For the Children's Discovery Center, the hits just keep coming - Hawaii News Now - KGMB and KHNL

For the Children's Discovery Center, the hits just keep coming

(Image: Hawaii News Now) (Image: Hawaii News Now)
(Image: Hawaii News Now) (Image: Hawaii News Now)
KAKAAKO (HawaiiNewsNow) -

The Hawaii Children's Discovery Center in Kakaako is facing an uncertain future.

Visitors have been turned off by nearby homeless encampments. And now, the closing of surrounding parks are having an impact.

The Children's Discovery Center was supposed to be the anchor of a revitalized Kakaako community. Today, you can't even get to the front door.

Access to the children's museum has been difficult since the Hawaii Community Development Authority closed Kakaako Waterfront Park more than a month ago to repair damage caused by homeless campers.

"I do worry about the fact that we're cut off from our front entrance," said Loretta Yajima, chairwoman and chief executive of the center. "There's no parking around the center. We've lost the use of the park. And totally for good reasons."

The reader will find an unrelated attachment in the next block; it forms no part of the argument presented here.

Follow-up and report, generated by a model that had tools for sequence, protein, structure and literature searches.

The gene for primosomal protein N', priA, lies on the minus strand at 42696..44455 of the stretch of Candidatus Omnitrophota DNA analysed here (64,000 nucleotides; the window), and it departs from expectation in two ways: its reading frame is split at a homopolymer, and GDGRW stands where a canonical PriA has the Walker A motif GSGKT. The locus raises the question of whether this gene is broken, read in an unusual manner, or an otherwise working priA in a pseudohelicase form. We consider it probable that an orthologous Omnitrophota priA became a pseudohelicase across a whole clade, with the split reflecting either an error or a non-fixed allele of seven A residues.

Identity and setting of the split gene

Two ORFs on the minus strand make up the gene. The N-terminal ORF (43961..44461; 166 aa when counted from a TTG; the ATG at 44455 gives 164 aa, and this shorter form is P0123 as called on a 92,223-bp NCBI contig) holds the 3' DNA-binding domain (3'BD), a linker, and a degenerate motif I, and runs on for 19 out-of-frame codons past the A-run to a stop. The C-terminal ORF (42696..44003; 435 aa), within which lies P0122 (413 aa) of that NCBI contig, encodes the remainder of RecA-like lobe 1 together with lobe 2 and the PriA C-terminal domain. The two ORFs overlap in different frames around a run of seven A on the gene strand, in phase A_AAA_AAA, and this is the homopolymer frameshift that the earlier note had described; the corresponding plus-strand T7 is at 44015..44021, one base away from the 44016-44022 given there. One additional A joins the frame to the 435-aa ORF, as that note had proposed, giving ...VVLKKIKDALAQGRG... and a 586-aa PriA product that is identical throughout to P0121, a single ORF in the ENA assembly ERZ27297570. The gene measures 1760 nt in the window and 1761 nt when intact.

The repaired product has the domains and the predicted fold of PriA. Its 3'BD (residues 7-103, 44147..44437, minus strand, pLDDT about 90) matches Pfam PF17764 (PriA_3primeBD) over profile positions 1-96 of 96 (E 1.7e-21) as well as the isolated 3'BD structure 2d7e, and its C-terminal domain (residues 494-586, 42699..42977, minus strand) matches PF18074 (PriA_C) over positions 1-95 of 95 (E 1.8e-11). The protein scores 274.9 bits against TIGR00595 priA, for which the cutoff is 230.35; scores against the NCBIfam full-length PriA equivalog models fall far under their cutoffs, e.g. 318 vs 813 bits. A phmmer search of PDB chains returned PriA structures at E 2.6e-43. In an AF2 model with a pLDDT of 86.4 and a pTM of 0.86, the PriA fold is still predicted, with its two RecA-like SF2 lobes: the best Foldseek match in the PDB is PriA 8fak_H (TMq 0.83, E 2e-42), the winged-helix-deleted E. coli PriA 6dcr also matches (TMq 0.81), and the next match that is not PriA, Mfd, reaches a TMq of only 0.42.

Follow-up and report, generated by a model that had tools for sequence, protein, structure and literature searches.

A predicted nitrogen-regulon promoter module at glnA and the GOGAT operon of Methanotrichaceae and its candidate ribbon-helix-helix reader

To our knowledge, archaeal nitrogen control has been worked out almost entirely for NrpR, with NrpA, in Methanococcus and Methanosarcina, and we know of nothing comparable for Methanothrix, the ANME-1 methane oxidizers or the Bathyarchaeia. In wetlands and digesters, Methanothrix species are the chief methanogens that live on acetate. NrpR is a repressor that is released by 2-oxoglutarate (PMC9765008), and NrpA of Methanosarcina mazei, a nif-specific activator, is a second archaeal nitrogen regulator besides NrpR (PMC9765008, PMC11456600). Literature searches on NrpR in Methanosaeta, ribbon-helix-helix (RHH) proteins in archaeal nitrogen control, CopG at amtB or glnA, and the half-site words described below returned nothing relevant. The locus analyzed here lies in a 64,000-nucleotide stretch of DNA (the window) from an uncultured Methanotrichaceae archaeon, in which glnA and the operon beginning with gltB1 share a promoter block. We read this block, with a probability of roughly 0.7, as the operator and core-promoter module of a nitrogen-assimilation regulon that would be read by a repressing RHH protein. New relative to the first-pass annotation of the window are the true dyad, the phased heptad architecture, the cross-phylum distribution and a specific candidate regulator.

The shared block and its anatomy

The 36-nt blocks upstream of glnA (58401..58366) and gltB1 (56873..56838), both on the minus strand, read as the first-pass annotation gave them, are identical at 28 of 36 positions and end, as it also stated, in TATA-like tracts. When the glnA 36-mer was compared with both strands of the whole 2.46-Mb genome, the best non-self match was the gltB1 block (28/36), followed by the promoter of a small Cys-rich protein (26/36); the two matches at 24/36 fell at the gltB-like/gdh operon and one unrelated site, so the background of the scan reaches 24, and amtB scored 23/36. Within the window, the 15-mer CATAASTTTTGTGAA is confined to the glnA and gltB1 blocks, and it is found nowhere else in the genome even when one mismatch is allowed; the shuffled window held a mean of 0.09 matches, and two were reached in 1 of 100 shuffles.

It's just the latest in a series of challenges for the museum.

The Children's Discovery Center used to have 120,000 visitors a year. But that's dropped more 30 percent since the homeless moved in.

And its gotten worse.

"There were so many people who said, we love the center and we really, really appreciated being able to come, but we're not going to come back until this mess is cleared up," Yajima said.

Kakaako Waterfront Park was vital to the center's location, with many outside activities.

But now its closed indefinitely while the state cleans up the mess.

"When will the park be open, and how will we be able to resume our operations here? I don't think anyone knows," Yajima said.

The center has been in Kakaako since 1998, after a request from then-Gov. John Waihee:

"Come down and help us transform Kakaako into a place for our community. I said 'done,'" Yajima said.

The center is now struggling because of the falling attendance. The private non-profit doesn't receive any federal, state or city funds.

Yajima says it would be close to impossible to move like it did 19 years ago.

"I had to raise $15 million to do that. And today of course it would be triple that amount," Yajima said. "So a move is just not feasible for us at this time. But I don't know how feasible it is for us to stay put either, and for how long."

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